Some observations and thoughts as the Cavaliers head toward the most important game in franchise history Saturday night:
1. It's not so much the Pistons that scare me anymore. It's the Cavs.
This series would already be over if not for the Cavs' inability to make some clutch shots in Games 1 and 2. At worst, the Cavs and Pistons have essentially battled to a draw in the fourth quarter. At best, well ... LeBron's Game 5 was kind of good.
My point is, at no point have the Pistons definitively outplayed the Cavs, even when they were setting the pace in the first half of Game 5. So I don't think the Pistons are in the driver's seat in this series, certainly not now.
The only way the Cavs surrender the driver's seat is to throw a bowl of cold oatmeal on their NBA Finals chances with the type of sleepwalking performance they have been known to deliver every now and again. We all remember Game 5 against the Nets, when somebody forgot to tell them an NBA playoff series ends when a team wins four games, not three.
The threat of Mr. Hyde Cavs showing up when the games mean the most is why most Cavs fans keep their stress balls in a prominent place next to the couch and keep Mylanta on tap at the wet bar.
Of course, if the Cavs turn in that type of performance Saturday, they aren't ready to make the leap to the Finals, so we can all do ourselves the favor of putting our high hopes on ice should there be a Game 7.
2. The lack of Ben Wallace is absolutely killing the Pistons right now.
Do you remember when Kenny Lofton edged up into his 30s during his second go-around with the Tribe? Do you remember that as his phenomenal athleticism waned, it started to reveal the fundamental flaws in his game?
The loss of Ben Wallace last summer is having a similar effect on the Pistons now.
It took going up against a superlative offensive player like LeBron to finally make Detroit pay for letting Wallace leave, but paying they are. Wallace made the Pistons look good on defense even when they weren't playing all that well on defense. Last year, if LeBron blew past Tayshaun Prince or Rip Hamilton or whoever was guarding him, all Wallace had to do was slide off his man, shuffle into LeBron's path and provide Detroit with one heck of a last line of defense for the basket.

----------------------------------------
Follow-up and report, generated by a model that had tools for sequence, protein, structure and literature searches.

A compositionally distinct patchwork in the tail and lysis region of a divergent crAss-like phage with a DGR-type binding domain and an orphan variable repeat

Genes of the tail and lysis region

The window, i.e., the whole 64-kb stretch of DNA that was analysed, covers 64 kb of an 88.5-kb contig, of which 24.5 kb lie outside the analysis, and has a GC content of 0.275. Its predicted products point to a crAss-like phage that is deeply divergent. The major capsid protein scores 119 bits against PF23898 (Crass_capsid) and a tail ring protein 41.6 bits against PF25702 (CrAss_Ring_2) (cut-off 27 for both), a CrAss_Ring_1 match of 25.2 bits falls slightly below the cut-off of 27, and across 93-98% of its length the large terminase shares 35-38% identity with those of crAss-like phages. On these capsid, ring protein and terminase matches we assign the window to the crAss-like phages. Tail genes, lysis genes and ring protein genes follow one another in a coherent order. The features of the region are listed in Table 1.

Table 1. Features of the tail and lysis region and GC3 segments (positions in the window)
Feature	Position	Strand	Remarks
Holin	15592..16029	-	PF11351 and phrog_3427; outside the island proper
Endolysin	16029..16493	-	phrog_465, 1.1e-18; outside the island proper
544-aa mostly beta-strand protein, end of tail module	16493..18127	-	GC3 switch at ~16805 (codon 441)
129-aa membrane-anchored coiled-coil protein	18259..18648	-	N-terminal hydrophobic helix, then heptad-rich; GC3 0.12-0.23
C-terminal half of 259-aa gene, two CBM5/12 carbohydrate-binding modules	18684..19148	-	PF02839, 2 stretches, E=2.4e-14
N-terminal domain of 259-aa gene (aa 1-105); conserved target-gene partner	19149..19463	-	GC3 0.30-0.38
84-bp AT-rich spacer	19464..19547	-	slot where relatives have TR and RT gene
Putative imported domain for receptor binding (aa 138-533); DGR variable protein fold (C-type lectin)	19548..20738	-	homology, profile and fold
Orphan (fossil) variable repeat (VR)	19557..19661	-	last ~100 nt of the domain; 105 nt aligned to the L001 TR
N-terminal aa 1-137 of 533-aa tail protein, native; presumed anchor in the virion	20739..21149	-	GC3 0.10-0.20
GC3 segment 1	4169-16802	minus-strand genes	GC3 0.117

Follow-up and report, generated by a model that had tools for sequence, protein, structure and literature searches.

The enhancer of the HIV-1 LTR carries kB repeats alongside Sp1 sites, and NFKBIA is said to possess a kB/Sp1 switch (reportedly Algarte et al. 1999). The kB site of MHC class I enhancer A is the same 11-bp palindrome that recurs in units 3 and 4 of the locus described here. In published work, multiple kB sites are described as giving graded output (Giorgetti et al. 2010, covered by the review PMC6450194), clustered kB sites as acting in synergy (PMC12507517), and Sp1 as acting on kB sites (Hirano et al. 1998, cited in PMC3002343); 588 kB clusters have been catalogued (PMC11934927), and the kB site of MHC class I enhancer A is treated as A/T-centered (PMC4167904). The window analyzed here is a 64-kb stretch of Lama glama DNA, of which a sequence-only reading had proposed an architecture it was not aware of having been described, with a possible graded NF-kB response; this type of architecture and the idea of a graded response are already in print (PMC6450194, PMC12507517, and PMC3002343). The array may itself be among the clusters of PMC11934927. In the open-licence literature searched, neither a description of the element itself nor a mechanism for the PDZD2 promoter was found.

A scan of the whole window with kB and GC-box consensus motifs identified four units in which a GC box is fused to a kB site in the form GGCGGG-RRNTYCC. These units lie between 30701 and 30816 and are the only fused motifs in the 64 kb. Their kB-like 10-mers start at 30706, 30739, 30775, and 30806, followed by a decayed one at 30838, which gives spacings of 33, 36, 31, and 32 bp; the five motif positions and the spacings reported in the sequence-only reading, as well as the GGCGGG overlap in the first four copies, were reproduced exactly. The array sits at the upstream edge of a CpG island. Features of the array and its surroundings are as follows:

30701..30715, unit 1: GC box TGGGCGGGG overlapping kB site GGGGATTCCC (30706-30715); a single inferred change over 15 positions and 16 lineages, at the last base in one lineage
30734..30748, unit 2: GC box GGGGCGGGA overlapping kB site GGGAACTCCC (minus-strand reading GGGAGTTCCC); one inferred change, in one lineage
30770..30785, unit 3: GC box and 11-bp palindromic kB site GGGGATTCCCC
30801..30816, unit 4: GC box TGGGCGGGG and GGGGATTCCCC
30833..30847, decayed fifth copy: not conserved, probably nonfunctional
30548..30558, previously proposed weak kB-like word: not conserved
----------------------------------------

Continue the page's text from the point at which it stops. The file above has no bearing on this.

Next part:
With Thursday's historic outburst as Exhibit A, if LeBron now beats his man, you can basically put the deuce on the board.
There has been an outcry among Detroit fans and media since Game 5 to hack the living daylights out of LeBron and put him at the line. Given LeBron's spotty foul shooting, it would seem like a good plan. The trouble for Detroit is, LeBron is so big and strong, you can foul him with everything you got, just karate chop him over the arms as he's driving to the basket, and there is still a greater than 50-percent chance he's going to carry your karate chop to the rim and still put the ball in the hole for a three-point play.
Last year, Wallace was probably the only Piston defender with the strength, quickness and technique to actually prevent LeBron from reaching the basket. This year, when LeBron gets a head of steam going, Piston players have two choices: Stay out of the way, or end up on a poster.
When you're looking for reasons as to why the Cavs are one win away from the NBA Finals, start there.
3. The mere fact that Larry Hughes is on the court has been a psychological lift.